Over at the blog hop today, the question is: what makes a modern classic? Ouch, that’s a hard one, but undoubtedly beautiful writing and universal themes play their part. A classic has to last through the ages, so it needs these stable qualities. But it also has to reveal something particular about its age, about the ideas that dominated the time of its writing. Margaret Atwood writes modern classics, but whether she’ll be remembered for her dystopian fictions or her feminist-inspired novels, I’m not sure. Kazuo Ishiguro ought to be up there too, for his clever, quirky works. And I feel sure that Richard Bausch deserves to join the ranks, although this novel doesn’t have quite enough of a punch or a hook to hold it in the public eye for generations to come. I’m looking forward to reading more of him, though, and hopefully stumbling on the book that will assure him his place in the pantheon of classic writers.

26 thoughts on “Thanksgiving Night

  1. I’m very thankful for this recommendation! I’ve never heard of this author, but I love a good sprawling family tale that delves into the intricacies of personalities and legacies, and this one sounds like just the ticket. Off to reserve it at the library🙂

    I also agree with your assessment of criteria for “classic” literature, especially that it should “reveal something about its age, about the ideas that dominated its time of writing.” I might add Richard Russo to that category for his portrayals of life in America in the late 20th and early 21st century.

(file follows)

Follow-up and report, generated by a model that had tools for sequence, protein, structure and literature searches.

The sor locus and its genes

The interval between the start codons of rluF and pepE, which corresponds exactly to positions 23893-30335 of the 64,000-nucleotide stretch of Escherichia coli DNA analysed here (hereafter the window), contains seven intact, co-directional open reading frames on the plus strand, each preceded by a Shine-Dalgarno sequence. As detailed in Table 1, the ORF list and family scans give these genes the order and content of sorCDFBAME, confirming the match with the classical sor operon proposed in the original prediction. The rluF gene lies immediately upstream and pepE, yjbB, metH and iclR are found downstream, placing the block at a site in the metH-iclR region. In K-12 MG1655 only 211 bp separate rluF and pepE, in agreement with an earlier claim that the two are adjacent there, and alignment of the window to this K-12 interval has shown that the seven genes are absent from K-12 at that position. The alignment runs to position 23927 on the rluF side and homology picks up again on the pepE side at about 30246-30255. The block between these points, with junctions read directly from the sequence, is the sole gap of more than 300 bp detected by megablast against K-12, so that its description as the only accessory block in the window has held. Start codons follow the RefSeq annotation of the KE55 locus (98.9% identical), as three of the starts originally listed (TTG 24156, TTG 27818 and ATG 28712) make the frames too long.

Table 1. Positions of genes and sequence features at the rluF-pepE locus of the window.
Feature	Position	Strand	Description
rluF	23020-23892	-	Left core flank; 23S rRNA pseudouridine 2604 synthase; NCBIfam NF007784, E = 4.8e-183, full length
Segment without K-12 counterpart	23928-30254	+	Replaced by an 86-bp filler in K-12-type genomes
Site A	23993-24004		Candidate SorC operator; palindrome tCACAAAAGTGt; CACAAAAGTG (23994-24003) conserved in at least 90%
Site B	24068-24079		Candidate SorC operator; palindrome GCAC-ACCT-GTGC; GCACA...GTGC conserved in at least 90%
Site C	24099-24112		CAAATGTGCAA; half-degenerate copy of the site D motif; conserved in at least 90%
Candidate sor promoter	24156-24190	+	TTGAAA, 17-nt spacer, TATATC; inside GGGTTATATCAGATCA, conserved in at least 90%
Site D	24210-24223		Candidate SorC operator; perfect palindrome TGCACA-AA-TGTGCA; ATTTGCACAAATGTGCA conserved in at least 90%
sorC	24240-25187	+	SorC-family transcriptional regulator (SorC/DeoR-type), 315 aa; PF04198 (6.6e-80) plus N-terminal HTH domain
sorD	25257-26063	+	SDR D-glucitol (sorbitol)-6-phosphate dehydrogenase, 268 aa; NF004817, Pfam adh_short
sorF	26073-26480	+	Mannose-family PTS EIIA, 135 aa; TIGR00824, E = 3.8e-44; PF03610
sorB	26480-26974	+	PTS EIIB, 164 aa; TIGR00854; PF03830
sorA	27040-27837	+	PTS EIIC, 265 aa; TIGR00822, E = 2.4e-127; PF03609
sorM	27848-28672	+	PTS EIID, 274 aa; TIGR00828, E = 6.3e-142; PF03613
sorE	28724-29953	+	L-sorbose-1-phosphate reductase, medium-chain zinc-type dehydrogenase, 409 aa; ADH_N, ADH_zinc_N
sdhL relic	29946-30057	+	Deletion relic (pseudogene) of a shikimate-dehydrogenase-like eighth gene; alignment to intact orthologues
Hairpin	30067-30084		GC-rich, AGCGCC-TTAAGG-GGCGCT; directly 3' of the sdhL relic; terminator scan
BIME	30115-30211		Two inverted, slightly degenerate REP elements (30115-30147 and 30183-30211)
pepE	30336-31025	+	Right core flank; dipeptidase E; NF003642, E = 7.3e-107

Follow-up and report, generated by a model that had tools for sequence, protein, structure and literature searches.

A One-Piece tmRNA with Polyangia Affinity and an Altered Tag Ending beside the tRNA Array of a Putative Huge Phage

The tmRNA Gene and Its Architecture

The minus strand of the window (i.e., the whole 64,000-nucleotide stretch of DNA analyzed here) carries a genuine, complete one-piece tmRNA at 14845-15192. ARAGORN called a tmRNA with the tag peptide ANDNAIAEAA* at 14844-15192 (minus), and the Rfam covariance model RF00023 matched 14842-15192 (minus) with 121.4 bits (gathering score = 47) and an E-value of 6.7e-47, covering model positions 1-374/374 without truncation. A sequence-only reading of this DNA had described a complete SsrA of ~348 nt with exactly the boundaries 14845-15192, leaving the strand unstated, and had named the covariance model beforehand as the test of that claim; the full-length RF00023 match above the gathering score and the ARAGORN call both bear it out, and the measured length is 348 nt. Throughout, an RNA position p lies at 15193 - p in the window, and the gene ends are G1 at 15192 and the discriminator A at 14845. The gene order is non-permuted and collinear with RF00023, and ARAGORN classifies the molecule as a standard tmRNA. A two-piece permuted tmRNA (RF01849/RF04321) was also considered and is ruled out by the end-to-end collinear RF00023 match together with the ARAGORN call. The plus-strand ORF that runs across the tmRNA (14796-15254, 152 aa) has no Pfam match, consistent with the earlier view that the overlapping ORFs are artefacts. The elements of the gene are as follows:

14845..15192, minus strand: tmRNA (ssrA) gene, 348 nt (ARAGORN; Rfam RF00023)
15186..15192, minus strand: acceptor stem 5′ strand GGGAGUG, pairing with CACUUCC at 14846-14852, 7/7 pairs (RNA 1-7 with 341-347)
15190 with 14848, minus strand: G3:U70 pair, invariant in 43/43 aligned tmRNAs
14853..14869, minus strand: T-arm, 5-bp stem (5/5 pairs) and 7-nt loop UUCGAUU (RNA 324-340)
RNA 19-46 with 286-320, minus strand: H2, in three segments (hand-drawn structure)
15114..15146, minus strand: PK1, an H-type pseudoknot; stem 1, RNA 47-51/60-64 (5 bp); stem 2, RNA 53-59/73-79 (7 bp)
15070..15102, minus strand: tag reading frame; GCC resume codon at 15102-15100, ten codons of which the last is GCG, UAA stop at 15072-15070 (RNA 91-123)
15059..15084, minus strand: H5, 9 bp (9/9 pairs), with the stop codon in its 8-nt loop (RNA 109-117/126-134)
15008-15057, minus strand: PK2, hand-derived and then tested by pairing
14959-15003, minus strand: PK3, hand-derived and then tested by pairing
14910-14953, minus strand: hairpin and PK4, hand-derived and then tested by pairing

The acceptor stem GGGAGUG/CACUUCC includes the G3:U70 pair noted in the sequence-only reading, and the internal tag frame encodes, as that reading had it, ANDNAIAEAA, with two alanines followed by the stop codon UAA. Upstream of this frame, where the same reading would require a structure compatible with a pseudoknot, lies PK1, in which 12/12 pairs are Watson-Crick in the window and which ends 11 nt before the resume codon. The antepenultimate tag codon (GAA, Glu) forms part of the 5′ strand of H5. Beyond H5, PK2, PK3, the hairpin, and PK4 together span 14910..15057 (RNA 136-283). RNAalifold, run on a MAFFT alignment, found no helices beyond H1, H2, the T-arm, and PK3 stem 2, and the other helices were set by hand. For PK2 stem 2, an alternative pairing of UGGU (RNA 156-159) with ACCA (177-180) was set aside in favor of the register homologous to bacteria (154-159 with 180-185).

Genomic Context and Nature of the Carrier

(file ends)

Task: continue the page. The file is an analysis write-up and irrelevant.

2. Litlove, what a lovely review–it makes me have a feel for the book and a desire to read it. I agree with your criteria for classics. But sometimes it’s luck too, or the movies! I think that “Esther Waters” should be a classic, but hardly anyone has heard of it. Maybe if someone made a movie of it.

  3. Hmmm…I had recently been wondering if there were many books out there with a Thanksgiving theme, but I never got around to doing any research. Leave it to my Brit book blogging friend to find one! I haven’t read any Richard Bausch, but you’ve made me think I ought to give him a try. Modern classics are very difficult to define, aren’t they? I think your criteria are perfect, but I’m always hard-pressed to nail down actual names of authors.

  4. I really liked The Corrections, but haven’t been able to face Freedom just yet–too much hype. When it dies down a bit, I’ll read it and will probably like it. Interesting thoughts about Margaret Atwood. It’s hard to see the Oryx and Crake books becoming classics, but Handmaid’s Tale could very well make it.

  5. Atwood is among the modern literary writers of our time who consistently produces work of a standard that I consider to be instant classics. I find it quite hard to separate her writing into dystopian and feminine categories. I have read enough of her work to say that whatever genre/ topic/ subject she chooses to write about; it’s the ‘fabric’ of her writing that stands out. She definitely has an original voice.